Lead, a heavy metal believed to be a health hazard, is found in Baguio drivers’ blood samples, a study presented at an academic forum at the University of the Philippines (UP) in this city shows. The study, “Incidence of Lead in the Blood of Jeepney Drivers in Baguio City” by Dr. Benilda Narcelles of the University of Baguio (UB), elicited concern from forum participants who tackled issues surrounding the proposal for the pedestrianization of Session Road, the city’s main business street, as the focus of discussions.
BY LYN V. RAMO
Posted by Bulatlat.com
BAGUIO CITY (246 kms. north of Manila) – Lead, a heavy metal believed to be a health hazard, is found in Baguio drivers’ blood samples, a study presented at an academic forum at the University of the Philippines (UP) here shows.
The study, “Incidence of Lead in the Blood of Jeepney Drivers in Baguio City” by Dr. Benilda Narcelles of the University of Baguio (UB), elicited concern from forum participants who tackled issues surrounding the proposal for the pedestrianization of Session Road, the city’s main business street, as the focus of discussions.
Narcelles noted lead in blood samples taken from all 43 volunteer drivers plying the Aurora Hill-Plaza route. Three of the drivers subjected to the study showed varying toxicity in their blood samples. Certain ailments associated with lead contamination were also noted by Narcelles in her paper.
Narcelles said drivers with the greatest lead content in their blood samples tend to suffer from kidney diseases, rheumatism, back pain and dizziness. Those with moderate lead contamination had respiratory ailments while those with cardio-vascular disease had the least. Narcelles noted that those with cardio-vascular ailments are more likely to have ceased driving; thus, they are the least exposed to pollution.
What worries Narcelles is her discovery that even unleaded gasoline contains some 0.003 to 0.006 percent of lead.
In a separate interview with Perfecto Itliong, president of the Federation of Jeepney Operators and Drivers of Baguio and La Union, he revealed that drivers usually sip gasoline from the tank to siphon the remaining fluid for washing their tools or hands. He said he wanted all drivers tested for lead to determine the extent of their exposure.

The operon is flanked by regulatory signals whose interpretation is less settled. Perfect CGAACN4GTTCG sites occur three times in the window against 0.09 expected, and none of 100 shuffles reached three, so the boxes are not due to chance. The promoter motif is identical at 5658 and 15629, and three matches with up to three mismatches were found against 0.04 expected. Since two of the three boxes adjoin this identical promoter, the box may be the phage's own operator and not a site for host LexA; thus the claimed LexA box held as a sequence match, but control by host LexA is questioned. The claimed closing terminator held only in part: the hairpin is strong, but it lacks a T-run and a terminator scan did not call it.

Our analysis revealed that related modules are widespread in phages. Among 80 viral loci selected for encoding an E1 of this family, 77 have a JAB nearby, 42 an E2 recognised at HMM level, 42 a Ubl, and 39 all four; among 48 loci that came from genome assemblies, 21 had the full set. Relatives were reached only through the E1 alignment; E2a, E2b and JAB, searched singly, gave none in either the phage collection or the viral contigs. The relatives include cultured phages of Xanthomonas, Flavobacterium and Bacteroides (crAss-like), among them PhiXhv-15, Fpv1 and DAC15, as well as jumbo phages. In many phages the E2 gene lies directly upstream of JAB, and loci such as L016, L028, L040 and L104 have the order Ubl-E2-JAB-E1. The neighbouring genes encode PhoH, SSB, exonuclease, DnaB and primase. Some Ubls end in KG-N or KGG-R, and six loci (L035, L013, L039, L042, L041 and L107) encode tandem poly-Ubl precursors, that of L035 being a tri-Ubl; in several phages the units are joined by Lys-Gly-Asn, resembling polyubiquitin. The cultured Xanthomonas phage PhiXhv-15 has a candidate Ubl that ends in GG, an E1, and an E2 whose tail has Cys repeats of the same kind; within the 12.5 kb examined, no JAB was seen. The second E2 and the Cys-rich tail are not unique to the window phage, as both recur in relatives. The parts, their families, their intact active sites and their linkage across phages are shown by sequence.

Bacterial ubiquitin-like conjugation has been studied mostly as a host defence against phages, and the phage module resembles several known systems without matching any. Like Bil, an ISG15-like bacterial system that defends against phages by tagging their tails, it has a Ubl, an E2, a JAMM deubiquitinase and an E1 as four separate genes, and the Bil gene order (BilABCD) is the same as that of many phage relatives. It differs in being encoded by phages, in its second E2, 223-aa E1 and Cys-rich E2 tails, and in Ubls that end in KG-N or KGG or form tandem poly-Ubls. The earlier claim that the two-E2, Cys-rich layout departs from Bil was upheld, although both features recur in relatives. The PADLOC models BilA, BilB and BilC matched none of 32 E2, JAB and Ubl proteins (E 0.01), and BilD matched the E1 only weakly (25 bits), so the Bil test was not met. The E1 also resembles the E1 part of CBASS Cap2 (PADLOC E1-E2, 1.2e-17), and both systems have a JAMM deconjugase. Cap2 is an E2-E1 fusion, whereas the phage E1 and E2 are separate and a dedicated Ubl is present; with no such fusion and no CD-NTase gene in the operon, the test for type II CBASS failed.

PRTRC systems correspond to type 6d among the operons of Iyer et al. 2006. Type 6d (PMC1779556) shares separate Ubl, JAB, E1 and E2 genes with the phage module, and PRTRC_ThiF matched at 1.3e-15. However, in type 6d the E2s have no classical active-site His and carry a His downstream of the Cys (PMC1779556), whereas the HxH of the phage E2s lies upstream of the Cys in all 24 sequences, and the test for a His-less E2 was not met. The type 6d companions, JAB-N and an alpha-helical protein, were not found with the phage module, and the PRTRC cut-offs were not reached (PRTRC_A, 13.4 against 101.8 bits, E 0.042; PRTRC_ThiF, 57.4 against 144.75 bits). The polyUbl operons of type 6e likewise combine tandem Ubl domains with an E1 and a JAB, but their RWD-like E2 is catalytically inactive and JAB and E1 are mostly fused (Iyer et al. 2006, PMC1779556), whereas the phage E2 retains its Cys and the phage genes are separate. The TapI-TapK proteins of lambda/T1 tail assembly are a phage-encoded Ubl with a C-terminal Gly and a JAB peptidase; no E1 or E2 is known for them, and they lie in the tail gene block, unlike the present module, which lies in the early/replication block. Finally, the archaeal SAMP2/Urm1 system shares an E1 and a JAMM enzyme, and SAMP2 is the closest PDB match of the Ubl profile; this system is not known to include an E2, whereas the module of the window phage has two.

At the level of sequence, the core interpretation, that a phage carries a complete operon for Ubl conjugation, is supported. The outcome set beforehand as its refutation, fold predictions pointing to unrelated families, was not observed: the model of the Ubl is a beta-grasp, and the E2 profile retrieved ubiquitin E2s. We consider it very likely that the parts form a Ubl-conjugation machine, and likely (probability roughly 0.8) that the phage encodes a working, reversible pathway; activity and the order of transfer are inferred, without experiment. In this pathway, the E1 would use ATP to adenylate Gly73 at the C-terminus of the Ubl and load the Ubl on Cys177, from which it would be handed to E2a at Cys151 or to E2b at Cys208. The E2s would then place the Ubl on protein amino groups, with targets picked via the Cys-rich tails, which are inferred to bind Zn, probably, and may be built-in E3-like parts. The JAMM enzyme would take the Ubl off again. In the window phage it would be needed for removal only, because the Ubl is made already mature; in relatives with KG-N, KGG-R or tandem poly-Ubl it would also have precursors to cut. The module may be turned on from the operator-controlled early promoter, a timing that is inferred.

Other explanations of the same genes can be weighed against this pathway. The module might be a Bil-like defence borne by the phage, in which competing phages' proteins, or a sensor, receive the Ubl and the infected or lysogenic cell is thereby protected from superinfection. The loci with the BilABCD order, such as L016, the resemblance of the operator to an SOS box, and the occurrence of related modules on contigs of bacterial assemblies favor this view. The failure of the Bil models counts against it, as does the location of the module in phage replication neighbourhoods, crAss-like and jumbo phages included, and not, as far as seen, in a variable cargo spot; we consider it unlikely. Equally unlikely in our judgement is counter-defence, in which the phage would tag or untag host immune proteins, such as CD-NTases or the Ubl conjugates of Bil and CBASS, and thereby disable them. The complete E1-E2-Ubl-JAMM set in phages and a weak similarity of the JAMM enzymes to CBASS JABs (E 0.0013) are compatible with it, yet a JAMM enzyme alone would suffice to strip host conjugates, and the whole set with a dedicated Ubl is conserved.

Narcelles, said, she is willing to undertake the study if the drivers’ federation would finance her study, which she said would cost a fortune. The test for the 43 drivers was done through an academic grant she accessed for the paper.
Corroborating Narcelles’ findings, Dr. Ofelia dela Cruz of the UP Baguio Natural Science Department, said that lead poses danger not only to Baguio drivers but also to the country’s populace because of dirty fuel used by most vehicles on the streets.
Dela Cruz expressed concern over a study involving hazards to children. According to Narcelles, lead affects the child’s nervous system causing learning disabilities, speech, language and behavioral problems, poor muscle coordination, and worst, brain damage.
In adults, nerves, memory and concentration problems occur due to lead contamination. High blood pressure, digestive disturbances, muscle and joint pains, decrease in sperm production, and cataract also emerge due to lead in the human system, according to the study.
“Lead in the blood indicates danger,” Narcelles quoted a medical professional as saying. She blames the poor quality of fuel for the presence of lead but she did not discount the possibility that another source of contamination is the plumbing system of the city.
Dr. Florence Reyes of the Department of Health (DoH) said the results of the tests may be tolerable but should not be a reason for complacency. She disclosed the need for vigilance in DoH inspection and monitoring of the city’s water supply because of antiquated metal pipelines.
Presenters during the forum tackled issues such as air pollution, the proliferation of street vendors, lower revenues for business enterprises, and the emergence of criminality, on one hand; and the sense of history and of place and of belonging, the accessibility of streets to the public, traffic situation, parking spaces and security on the other.
One paper, “To Walk or not to Walk,” presented by UP Baguio’s Katti Sta. Ana, cited an earlier study by Maryann Alabanza showing a high level of pollution in Session Road. Sta. Ana is with the School of Urban and Regional Planning in UP Diliman. She advocated walking due to spatial requirements and pollution issues associated with motorized vehicles.
The forum was sponsored by the Energy and Clean Air Network of the Academe (Ecademe), a group of academic institutions in Baguio and Benguet. Northern Dispatch / Posted by (Bulatlat.com)